Searching an R Function’s Source Code

May 1, 2014
By

(This article was first published on librestats » R, and kindly contributed to R-bloggers)

This is not nearly as interesting as it might first sound, but every function in R contains R code; this is true of core R code as well as extension packages. Sometimes the R code is just a very shallow wrapper around some compiled code, such as in sum() and is.null(). Other times, as in lm.fit(), there is a vast expanse of R code.

It’s easy enough to print this source code; simply type in the function name without any parentheses or arguments. A nice way to search through that output from inside of R is to use capture.output() and then use standard regex utilities like grep(). Any standard printing to the R terminal (done via Rprintf) will be captured like a readLines() call, either inside R itself or to a file, depending on function arguments. This is R’s version of redirecting stdout with >, and here the usual caveats apply; i.e., errors and warnings are not captured:

example <- capture.output(print("asdf"))
example
#[1] "[1] \"asdf\""

example <- capture.output(warning("asdf"))
#Warning message:
#In eval(expr, envir, enclos) : asdf
example
#character(0)

example <- capture.output(stop("asdf"))
#Error in eval(expr, envir, enclos) : asdf
example
#character(0)

But otherwise, it behaves exactly like you might expect:

x <- matrix(1:30, nrow=10)
y <- capture.output(x)

y
# [1] "      [,1] [,2] [,3]" " [1,]    1   11   21" " [2,]    2   12   22"
# [4] " [3,]    3   13   23" " [4,]    4   14   24" " [5,]    5   15   25"
# [7] " [6,]    6   16   26" " [7,]    7   17   27" " [8,]    8   18   28"
#[10] " [9,]    9   19   29" "[10,]   10   20   30"

cat(paste(y, "\n"))
#      [,1] [,2] [,3] 
#  [1,]    1   11   21 
#  [2,]    2   12   22 
#  [3,]    3   13   23 
#  [4,]    4   14   24 
#  [5,]    5   15   25 
#  [6,]    6   16   26 
#  [7,]    7   17   27 
#  [8,]    8   18   28 
#  [9,]    9   19   29 
# [10,]   10   20   30 

Clearly this utility makes our original problem completely trivial. For example, say we are interested in the cov() function:

capture.output(cov)
#[1] "function (x, y = NULL, use = \"everything\", method = c(\"pearson\", "     
#[2] "    \"kendall\", \"spearman\")) "                      
#[3] "{"                                                                           
#[4] "    na.method <- pmatch(use, c(\"all.obs\", \"complete.obs\", \"pairwise.complete.obs\", " 
# and so on...

Maybe we want to see all the .Call() lines:

x <- capture.output(cov)
x[grep(x=x, pattern="[.]Call")]
#[1] "        .Call(C_cov, x, y, na.method, method == \"kendall\")"          
#[2] "            .Call(C_cov, Rank(na.omit(x)), NULL, na.method, method == "
#[3] "            .Call(C_cov, Rank(dropNA(x, nas)), Rank(dropNA(y, "        
#[4] "        .Call(C_cov, x, y, na.method, method == \"kendall\")" 

And we can quickly turn this into a useful function using a bit more of R’s expressive sneakiness:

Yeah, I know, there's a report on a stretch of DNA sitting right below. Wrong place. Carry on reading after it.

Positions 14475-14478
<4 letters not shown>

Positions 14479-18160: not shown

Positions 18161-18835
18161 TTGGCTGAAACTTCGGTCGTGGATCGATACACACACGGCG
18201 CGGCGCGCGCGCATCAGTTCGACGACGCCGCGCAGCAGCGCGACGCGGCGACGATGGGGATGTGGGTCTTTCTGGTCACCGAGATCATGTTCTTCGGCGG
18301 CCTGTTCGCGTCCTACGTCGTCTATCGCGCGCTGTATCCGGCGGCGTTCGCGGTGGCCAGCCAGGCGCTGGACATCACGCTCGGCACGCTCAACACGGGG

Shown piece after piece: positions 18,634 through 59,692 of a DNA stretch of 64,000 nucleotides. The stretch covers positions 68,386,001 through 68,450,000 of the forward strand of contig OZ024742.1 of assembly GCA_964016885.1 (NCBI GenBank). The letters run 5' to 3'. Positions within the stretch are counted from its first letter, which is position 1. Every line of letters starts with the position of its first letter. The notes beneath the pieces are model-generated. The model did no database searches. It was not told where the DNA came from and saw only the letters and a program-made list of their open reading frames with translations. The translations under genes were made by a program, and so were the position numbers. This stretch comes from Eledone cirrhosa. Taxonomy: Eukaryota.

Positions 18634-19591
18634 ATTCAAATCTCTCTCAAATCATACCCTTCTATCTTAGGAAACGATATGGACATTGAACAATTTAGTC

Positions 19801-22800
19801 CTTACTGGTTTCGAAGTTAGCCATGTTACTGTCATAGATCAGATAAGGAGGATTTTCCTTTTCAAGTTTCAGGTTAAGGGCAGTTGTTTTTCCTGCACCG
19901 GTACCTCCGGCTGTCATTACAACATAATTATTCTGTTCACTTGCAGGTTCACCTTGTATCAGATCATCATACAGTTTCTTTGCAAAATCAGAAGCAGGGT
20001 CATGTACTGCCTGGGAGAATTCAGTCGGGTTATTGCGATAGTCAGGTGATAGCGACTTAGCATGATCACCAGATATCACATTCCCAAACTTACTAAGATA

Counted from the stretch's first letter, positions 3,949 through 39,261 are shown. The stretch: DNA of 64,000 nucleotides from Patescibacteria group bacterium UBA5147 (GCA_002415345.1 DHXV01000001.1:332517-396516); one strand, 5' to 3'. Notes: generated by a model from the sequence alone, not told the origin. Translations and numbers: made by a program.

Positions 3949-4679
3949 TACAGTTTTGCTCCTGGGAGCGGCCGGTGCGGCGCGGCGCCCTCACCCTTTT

stopper <- function(fun)
{
  stop(paste("in match_src() : function fun='", fun, "' not found", sep=""), call.=FALSE)
}

match_src <- function(fun, pattern, ignore.case=FALSE, perl=FALSE, value=FALSE, fixed=FALSE, useBytes=FALSE, invert=FALSE, remove.comments=TRUE)
{
  ### This is really too complicated, I apologize
  err <- try(test <- is.character(fun), silent=TRUE)
   
  if (inherits(x=err, what="try-error"))
    stopper(fun=deparse(substitute(fun)))
  else if (test)
  {
    err <- try(fun <- eval(as.symbol(fun)), silent=TRUE)
     
    if (inherits(x=err, what="try-error"))
      stopper(fun=fun)
  }
  err <- try(expr=src <- capture.output(fun), silent=TRUE)
  
  if (inherits(x=err, what="try-error"))
    stopper(fun=deparse(substitute(fun)))
   
   
  # Remove comments
  if (remove.comments) # test
  {
    src <- sub(src, pattern="#.*", replacement="")
    
    num.empty <- which(src == "")
    if (length(num.empty) > 0)
      src <- src[-num.empty]
     
    src <- sub(x=src, pattern="[ \t]+$", replacement="")
  }
  
  
  ### Get matches and scrub
  matches <- grep(x=src, pattern=pattern, ignore.case=ignore.case, perl=perl, value=value, fixed=fixed, useBytes=useBytes, invert=invert)
   
  src <- src[matches]
   
  # remove leading and trailing whitespace
  src <- sub(x=src, pattern="^[ \t]+|[ \t]+$", replacement="")
   
  return( src )
}

With example outputs:

match_src(match_src, pattern="comment")
#[1] "function(fun, pattern, ignore.case=FALSE, perl=FALSE, value=FALSE, fixed=FALSE, useBytes=FALSE, invert=FALSE, remove.comments=TRUE)"
#[2] "if (remove.comments)"                                                                                                               

match_src(match_src, pattern="comment", remove.comments=FALSE)
#[1] "function(fun, pattern, ignore.case=FALSE, perl=FALSE, value=FALSE, fixed=FALSE, useBytes=FALSE, invert=FALSE, remove.comments=TRUE)"
#[2] "# Remove comments"                                                                                                                  
#[3] "if (remove.comments) # test"

match_src("match_src", pattern="comment")
#[1] "function(fun, pattern, ignore.case=FALSE, perl=FALSE, value=FALSE, fixed=FALSE, useBytes=FALSE, invert=FALSE, remove.comments=TRUE)"
#[2] "if (remove.comments)"                                                                                                               

match_src(match_srcs, pattern="comment")
#Error: in match_src() : function fun='match_srcs' not found

And here’s everything in a github gist if that’s more your style.

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